August 9: Two years ago, one of our Karimu (www.karimufoundation.org) volunteers began talking with some of the villagers about founding a cooperative shamba, or farm, based at Ufani Primary School. He offered to fund a collective bank account with a low-interest loan of several thousand dollars. That meant between five and ten percent, compared to the standard interest rate of twenty to twenty-five percent at which Assistant Head Teacher Daniel Amma has borrowed in order to build and make improvements to his house.
Participating villagers would have supplemented the loan with their own monthly contributions of a few dollars each, entitling them to work the communal land and earn shares of its profits. The profits could have paid for higher-profit livestock: laying hens and, particularly, hogs. The communal land would have been made available by Ufani School, which owns a large tract of fertile land, spreading verdantly across the Rift Valley just below the classrooms. In this heavily agricultural nation, almost all except the most radically urban citizens do some farming. This includes the Ufani teachers, especially Head Teacher Paul Yoronimo, who possesses extensive farming knowledge. But they must attend to their individual shambas, as well as families and full-time jobs, so the Ufani farmland has remained unused.
Unfortunately, the project has stalled because of the problems involved in communicating with the California volunteer who introduced the idea. Daniel Amma is a neighbor of Ayalagaya Secondary School, where the Ufani students continue their education if they pass their exit examinations (which they get exactly one chance to take). Ayalagaya School stands only a few yards outside the Dareda Kati Town power grid, but the school has stayed unconnected and therefore lacks Internet access.
This partly explains why the laptop computer and modem that we plan to buy for the Ufani teachers would represent such a breakthrough. With considerable difficulty, villagers can travel to Babati, and the literate ones can use the Internet cafés there. But without a laptop or modem, communicating with the volunteer in California in a way that would be satisfactorily transparent to the fifty villagers who have joined the farming cooperative is a supreme challenge.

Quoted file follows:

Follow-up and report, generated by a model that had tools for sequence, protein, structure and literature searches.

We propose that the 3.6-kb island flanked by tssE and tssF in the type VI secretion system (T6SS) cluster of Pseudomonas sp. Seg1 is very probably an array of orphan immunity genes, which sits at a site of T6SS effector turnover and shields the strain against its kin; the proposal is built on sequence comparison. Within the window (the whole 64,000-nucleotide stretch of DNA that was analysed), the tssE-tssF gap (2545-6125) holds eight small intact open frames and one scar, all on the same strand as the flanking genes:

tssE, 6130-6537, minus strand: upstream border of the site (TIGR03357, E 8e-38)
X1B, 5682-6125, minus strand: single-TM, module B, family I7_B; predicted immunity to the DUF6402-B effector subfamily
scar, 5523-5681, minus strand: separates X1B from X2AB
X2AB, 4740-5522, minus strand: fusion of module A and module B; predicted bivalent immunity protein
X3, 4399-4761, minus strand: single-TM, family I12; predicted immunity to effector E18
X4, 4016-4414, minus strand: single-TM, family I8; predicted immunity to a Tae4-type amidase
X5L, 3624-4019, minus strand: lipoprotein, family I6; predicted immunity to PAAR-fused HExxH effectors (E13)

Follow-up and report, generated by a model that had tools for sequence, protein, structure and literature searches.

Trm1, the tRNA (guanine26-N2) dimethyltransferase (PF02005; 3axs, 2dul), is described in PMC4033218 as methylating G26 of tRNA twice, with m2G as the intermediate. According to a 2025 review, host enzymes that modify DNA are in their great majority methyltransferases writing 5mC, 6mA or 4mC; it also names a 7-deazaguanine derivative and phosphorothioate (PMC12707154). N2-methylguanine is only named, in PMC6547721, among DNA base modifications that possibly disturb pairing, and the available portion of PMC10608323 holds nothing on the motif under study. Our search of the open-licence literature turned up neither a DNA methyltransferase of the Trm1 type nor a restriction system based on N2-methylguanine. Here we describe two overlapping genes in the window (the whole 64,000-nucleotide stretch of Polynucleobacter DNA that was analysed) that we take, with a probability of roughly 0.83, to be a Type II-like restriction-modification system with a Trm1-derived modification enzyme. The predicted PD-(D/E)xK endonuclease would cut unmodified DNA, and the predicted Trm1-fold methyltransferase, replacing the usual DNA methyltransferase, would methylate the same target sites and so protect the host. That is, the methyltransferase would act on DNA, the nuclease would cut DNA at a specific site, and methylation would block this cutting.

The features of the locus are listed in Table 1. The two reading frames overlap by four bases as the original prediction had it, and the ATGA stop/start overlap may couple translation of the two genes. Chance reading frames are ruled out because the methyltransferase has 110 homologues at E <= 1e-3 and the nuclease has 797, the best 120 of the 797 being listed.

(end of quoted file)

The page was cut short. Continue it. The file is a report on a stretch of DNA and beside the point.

Even so, the group went ahead and opened its own small bank account. Now the members hope that the volunteer still intends to multiply their resources with a loan of a few thousand dollars. If not, Karimu can probably help, although the group would need to scale its plans down sharply: we have already made other commitments which, for now, will limit us to offering a grant of several hundred dollars at most.
We are also interested in their plan to encourage some of the village’s idle drunks to change their ways by rewarding them for joining the shamba project. Head Teacher Paul is very keen for this idea. An Ayalagaya School teacher named Constancia has been outspoken concerning the prevalence of domestic violence in villages all across Tanzania, and she underscores its links to unemployment and alcohol. Too many of the men in this village, and a lesser number of the women, get drunk almost for free by brewing a murky, extraordinarily powerful beer made out of a locally grown root vegetable that is too bitter to eat.
I am in no position to assess Constancia’s claim that domestic violence, carried to an extreme, is just as responsible as are the usual suspects—AIDS and tuberculosis—for the orphaning of so many children; it can sometimes seem that every household we visit here has taken in a parentless child or two. Because Karimu volunteers are not permitted to drink alcohol in the village, we hold drunkenness at an arm’s length from us and can therefore fall into an easy, good-natured view of it.
Marianne and I took such a view in 2007, before we started bringing volunteers, when one of the village elders accused the traditional-dance troupe of allowing alcohol consumption to ruin their performances. The dancers had indeed been falling all over each other, and we thought it was funny. Constancia’s assertion that many deaths caused by domestic violence get swept under the rug makes it harder to laugh.